Fluorescence Spectroscopy for Gut Permeability Assessment (GutPerm)

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Imperial College London

Status

Unknown

Conditions

Development and Validation of Gut Permeability Sensor
Celiac Disease
Permeability; Increased
Inflammatory Bowel Diseases
HIV/AIDS
Liver Diseases

Treatments

Diagnostic Test: Spectroscopic gut permeability test

Study type

Observational

Funder types

Other

Identifiers

NCT03434639
18SM4374

Details and patient eligibility

About

This research aims to develop portable devices - known as fluorescence spectrometers - to monitor the leakage of fluorescent dyes out of the gut into the blood stream. These devices will measure the leakiness (permeability) of the gut in a non-invasive manner and will provide an early warning that patients are at risk of infections caused by the unwanted flow of bacteria from the intestine to the rest of the body.

Full description

"Leaky gut" - or, increased permeability of the intestine - involves the leakage of certain intestinal constituents (e.g. endotoxins or even bacteria) from the gut into the rest of the body. This condition is associated with many widespread diseases including coeliac disease, inflammatory bowel disease, HIV, liver cirrhosis, sepsis and environmental enteric dysfunction (EED). It has a considerable impact on quality of life and, in extreme cases (e.g. sepsis), it can even lead to death. Furthermore, in the developing world (as part of EED), it severely hampers the mental and physical development of young children. Thus, new devices that can help us to learn more about leaky gut and more accurately monitor its effects are urgently needed. In this project, patients will drink a small dose of a fluorescent dye. Then, by shining light on the patients' skin and recording the color and brightness of the light (fluorescence) that comes back, it will be possible to measure the amount of dye that has leaked into the blood (indicating the likelihood that bacteria are escaping from the gut and causing infections). We refer to this as a "Spectroscopic gut permeability test." We will also ask patients to take a traditional permeability test (known as a PEG permeability test) so that we can validate our new sensor. Overall, this research will deliver vital information that will improve our understanding of leaky gut and help guide the development of treatments for the many diseases in which it occurs.

Enrollment

50 estimated patients

Sex

All

Ages

18+ years old

Volunteers

Accepts Healthy Volunteers

Inclusion criteria

  • Ability to give informed consent
  • Aged 18 years or above
  • No evidence of prior adverse reactions to fluorescein, ICG, dextran or PEG
  • No evidence of prior adverse reactions to iodine (for ICG experiments only)
  • For healthy volunteers: healthy with no active GI/liver disease (or other condition in which increased gut permeability is expected, e.g. HIV) and no antibiotics taken within the previous four weeks.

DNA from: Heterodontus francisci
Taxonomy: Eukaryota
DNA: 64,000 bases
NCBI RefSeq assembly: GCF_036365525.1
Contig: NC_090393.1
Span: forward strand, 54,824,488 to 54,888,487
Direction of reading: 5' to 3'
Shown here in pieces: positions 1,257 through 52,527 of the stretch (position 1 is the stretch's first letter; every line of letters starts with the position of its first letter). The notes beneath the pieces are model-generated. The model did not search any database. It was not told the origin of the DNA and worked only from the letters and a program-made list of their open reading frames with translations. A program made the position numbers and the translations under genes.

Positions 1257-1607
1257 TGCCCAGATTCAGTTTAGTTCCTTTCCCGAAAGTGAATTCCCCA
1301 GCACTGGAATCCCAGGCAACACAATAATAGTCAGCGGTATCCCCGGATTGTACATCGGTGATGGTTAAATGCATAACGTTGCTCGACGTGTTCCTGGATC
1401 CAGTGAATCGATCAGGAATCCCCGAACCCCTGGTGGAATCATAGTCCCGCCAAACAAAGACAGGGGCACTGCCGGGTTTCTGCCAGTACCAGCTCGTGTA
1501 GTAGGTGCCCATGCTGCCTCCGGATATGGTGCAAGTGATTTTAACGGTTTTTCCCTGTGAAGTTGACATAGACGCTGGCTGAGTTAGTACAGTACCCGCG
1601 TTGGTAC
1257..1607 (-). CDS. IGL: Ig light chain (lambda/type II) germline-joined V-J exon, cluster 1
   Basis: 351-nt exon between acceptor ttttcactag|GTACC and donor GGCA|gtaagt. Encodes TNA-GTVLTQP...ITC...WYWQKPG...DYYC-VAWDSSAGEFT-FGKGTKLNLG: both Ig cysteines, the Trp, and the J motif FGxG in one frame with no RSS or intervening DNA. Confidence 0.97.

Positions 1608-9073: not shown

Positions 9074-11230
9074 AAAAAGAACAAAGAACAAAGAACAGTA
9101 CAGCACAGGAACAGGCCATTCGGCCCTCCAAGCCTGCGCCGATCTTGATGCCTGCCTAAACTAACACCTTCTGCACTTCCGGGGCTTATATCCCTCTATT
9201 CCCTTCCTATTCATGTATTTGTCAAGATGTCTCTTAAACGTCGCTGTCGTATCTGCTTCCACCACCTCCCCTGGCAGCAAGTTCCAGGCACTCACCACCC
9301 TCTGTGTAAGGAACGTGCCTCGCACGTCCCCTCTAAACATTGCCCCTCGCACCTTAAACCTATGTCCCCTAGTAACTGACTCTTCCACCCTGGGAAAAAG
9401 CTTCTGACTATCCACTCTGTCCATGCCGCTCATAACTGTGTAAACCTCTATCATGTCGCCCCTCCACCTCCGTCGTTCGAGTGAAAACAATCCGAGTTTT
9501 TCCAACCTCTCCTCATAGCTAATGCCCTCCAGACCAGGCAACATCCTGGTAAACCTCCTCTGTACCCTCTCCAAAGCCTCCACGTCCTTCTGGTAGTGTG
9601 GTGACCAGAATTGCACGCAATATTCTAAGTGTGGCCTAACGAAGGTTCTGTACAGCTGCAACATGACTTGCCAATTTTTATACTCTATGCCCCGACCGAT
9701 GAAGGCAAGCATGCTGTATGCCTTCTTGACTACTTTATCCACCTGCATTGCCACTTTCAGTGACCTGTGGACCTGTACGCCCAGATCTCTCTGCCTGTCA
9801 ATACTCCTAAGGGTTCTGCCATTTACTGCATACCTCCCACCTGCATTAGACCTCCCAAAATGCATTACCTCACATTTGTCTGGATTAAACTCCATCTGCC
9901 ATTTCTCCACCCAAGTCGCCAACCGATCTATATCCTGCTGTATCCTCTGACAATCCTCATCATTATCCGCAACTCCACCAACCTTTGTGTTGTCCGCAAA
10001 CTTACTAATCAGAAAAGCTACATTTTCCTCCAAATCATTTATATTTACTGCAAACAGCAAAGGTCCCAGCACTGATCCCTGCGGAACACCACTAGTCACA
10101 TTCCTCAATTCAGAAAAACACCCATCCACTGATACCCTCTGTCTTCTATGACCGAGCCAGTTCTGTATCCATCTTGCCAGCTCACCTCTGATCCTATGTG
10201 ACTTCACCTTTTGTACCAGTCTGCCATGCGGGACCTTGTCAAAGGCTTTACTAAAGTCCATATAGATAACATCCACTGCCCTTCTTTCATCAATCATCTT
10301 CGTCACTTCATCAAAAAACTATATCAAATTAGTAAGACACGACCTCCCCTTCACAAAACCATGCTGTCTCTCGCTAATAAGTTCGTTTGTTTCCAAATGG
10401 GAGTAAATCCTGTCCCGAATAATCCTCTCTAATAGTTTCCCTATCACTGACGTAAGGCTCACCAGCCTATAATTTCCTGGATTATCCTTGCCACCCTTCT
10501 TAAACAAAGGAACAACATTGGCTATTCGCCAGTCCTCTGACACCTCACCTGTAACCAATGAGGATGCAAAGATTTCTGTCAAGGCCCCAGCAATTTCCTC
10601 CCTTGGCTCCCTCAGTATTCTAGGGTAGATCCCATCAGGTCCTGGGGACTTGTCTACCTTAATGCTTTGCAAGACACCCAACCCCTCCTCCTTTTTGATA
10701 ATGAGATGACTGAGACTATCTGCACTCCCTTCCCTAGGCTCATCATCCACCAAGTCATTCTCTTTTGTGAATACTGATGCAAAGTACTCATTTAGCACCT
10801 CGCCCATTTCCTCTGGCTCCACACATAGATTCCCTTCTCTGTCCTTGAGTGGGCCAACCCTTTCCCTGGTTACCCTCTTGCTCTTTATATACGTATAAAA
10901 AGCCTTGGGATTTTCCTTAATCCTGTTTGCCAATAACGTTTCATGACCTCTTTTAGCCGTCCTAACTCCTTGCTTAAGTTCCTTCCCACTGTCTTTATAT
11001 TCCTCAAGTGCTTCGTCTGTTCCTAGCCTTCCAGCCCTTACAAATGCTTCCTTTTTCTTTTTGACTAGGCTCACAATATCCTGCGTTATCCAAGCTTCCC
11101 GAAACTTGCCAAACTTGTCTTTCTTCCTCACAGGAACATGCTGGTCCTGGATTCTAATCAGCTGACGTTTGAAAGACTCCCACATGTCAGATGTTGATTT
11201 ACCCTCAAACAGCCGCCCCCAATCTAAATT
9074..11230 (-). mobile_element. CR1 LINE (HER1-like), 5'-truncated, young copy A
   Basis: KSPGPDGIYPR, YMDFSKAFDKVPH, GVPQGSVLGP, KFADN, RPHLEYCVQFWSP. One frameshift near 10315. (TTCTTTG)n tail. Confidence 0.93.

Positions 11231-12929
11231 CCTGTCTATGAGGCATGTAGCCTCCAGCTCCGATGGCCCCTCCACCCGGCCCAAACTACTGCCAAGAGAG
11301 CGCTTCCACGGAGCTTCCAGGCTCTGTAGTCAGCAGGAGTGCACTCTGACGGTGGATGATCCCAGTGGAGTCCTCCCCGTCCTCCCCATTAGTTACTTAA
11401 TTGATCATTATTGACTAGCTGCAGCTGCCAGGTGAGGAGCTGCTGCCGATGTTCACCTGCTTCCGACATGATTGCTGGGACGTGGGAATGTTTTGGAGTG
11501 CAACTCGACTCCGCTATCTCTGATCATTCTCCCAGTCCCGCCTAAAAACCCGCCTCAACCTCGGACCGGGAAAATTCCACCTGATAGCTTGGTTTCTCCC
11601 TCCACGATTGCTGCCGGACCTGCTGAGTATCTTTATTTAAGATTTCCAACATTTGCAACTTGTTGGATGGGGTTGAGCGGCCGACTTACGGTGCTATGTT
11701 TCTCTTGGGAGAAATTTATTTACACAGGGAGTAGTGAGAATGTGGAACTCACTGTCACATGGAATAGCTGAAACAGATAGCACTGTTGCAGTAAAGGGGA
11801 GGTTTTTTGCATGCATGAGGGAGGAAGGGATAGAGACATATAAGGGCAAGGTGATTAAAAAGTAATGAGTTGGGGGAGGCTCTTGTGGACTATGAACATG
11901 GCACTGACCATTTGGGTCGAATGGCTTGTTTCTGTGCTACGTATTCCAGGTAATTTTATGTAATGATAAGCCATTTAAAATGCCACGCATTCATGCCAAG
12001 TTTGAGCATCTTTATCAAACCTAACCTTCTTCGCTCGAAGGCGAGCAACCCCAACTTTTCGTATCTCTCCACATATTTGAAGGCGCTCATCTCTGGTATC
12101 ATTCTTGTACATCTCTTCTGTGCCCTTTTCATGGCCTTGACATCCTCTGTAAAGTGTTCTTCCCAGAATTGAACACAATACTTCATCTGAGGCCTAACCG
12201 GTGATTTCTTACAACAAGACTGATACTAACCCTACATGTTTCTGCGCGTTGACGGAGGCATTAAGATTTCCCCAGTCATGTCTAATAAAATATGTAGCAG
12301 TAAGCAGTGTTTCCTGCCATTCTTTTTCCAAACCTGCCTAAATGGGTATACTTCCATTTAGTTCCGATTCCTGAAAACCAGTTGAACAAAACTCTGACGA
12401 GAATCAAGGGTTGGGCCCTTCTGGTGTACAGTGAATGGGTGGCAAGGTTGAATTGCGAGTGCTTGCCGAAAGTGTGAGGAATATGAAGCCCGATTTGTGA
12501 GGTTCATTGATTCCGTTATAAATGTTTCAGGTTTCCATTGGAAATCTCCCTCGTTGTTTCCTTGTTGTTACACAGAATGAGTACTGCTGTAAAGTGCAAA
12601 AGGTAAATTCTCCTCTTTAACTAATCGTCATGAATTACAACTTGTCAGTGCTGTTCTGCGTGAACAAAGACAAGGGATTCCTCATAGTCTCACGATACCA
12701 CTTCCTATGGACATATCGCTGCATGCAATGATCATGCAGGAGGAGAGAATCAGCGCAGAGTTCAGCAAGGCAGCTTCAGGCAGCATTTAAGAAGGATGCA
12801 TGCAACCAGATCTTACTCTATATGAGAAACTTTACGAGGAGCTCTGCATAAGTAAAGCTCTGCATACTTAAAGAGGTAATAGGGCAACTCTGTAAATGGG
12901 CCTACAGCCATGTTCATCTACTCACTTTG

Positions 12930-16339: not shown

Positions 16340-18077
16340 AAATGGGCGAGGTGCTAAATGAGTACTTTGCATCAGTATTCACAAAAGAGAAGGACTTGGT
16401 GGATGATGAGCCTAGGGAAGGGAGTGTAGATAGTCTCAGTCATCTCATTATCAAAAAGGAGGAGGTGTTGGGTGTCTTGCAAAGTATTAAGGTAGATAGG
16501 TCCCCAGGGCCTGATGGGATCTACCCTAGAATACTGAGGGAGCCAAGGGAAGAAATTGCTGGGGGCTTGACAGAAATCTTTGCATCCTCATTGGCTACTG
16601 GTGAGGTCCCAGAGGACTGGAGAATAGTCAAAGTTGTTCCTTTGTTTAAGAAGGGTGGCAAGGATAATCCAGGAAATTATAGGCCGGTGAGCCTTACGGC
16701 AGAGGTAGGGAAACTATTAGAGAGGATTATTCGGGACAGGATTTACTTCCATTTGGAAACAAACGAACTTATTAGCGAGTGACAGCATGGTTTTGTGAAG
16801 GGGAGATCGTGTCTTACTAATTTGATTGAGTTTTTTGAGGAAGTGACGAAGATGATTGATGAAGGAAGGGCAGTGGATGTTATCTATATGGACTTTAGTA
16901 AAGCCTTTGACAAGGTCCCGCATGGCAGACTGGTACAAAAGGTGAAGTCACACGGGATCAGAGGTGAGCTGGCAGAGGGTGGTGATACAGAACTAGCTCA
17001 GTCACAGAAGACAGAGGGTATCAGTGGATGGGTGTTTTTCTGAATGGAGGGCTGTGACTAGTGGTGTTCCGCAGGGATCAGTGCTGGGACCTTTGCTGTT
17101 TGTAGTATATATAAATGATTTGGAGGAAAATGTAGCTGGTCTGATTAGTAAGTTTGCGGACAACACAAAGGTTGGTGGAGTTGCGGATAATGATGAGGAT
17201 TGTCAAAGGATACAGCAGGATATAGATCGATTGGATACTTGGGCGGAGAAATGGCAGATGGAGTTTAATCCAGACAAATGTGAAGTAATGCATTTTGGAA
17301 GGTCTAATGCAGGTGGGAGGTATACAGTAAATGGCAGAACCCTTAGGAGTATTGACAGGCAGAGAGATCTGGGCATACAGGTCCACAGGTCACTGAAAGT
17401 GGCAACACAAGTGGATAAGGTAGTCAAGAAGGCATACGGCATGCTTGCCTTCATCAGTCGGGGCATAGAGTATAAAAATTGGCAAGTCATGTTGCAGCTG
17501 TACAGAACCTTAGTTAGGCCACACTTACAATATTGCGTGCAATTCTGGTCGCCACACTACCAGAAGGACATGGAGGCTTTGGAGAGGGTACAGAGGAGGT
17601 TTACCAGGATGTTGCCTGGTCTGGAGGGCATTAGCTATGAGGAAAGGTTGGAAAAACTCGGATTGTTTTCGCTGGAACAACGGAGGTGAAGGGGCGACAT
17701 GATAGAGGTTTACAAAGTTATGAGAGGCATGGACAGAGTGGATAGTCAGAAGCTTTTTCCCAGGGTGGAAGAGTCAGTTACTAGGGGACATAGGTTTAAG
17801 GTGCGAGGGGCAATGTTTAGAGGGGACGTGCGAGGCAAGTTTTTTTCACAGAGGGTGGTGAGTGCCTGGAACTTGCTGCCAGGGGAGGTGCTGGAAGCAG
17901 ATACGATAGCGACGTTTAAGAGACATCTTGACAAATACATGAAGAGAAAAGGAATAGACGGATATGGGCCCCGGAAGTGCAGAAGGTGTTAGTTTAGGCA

• For cases: exhibiting symptoms of GI, liver or other diseases (e.g. HIV) in which increased intestinal permeability is expected.
  • For ophthalmology patients recruited in Stage 1: healthy (i.e. as described above for healthy volunteers) and prescribed to have an ophthalmic angiography with an intravenous injection of either fluorescein or ICG.

Exclusion criteria

  • Unable to give informed consent
  • Aged <18 years
  • Previous adverse reaction to fluorescein, ICG, dextran or PEG
  • Known allergy to iodine (for ICG experiments only)
  • Pregnancy (in Stage 1 this will be at the discretion of the patient's ophthalmologist)
  • Breastfeeding (in Stage 1 this will be at the discretion of the ophthalmologist)

Trial design

50 participants in 4 patient groups

1 - Ophthalmology patients
Description:
Ophthalmology patients who are receiving an intravenous dose of either fluorescein or indocyanine green (ICG) as part of their routine ophthalmic care (e.g. as part of a fluorescence angiography examination) will be recruited to the first stage of this study. These patients will take part in preliminary studies aimed at determining whether it is possible to detect fluorescein and ICG in the blood using transcutaneous fluorescence measurements.
Treatment:
Diagnostic Test: Spectroscopic gut permeability test
2a - Healthy subjects
Description:
Healthy subjects with no known issues of increased gut permeability. These subjects will act as negative controls in all gut permeability studies.
Treatment:
Diagnostic Test: Spectroscopic gut permeability test
2b - Healthy subjects (gastric emptying)
Description:
A subset of healthy volunteers will be recruited to take part in experiments to help in understanding the impact of gastric emptying rate as a confounding factor in measurements of gut permeability.
Treatment:
Diagnostic Test: Spectroscopic gut permeability test
3 - Increased permeability
Description:
Gastro-intestinal (GI) and non-GI patients who are expected to exhibit increased gut permeability (e.g. patients with celiac disease, inflammatory bowel disease (IBD), liver disease, HIV or another condition in which increased intestinal permeability is common). The more extreme cases in this group will act as positive controls.
Treatment:
Diagnostic Test: Spectroscopic gut permeability test

Trial documents
5

Trial contacts and locations

1

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Central trial contact

Ruth Nicholson; Alex J Thompson, PhD

Data sourced from clinicaltrials.gov

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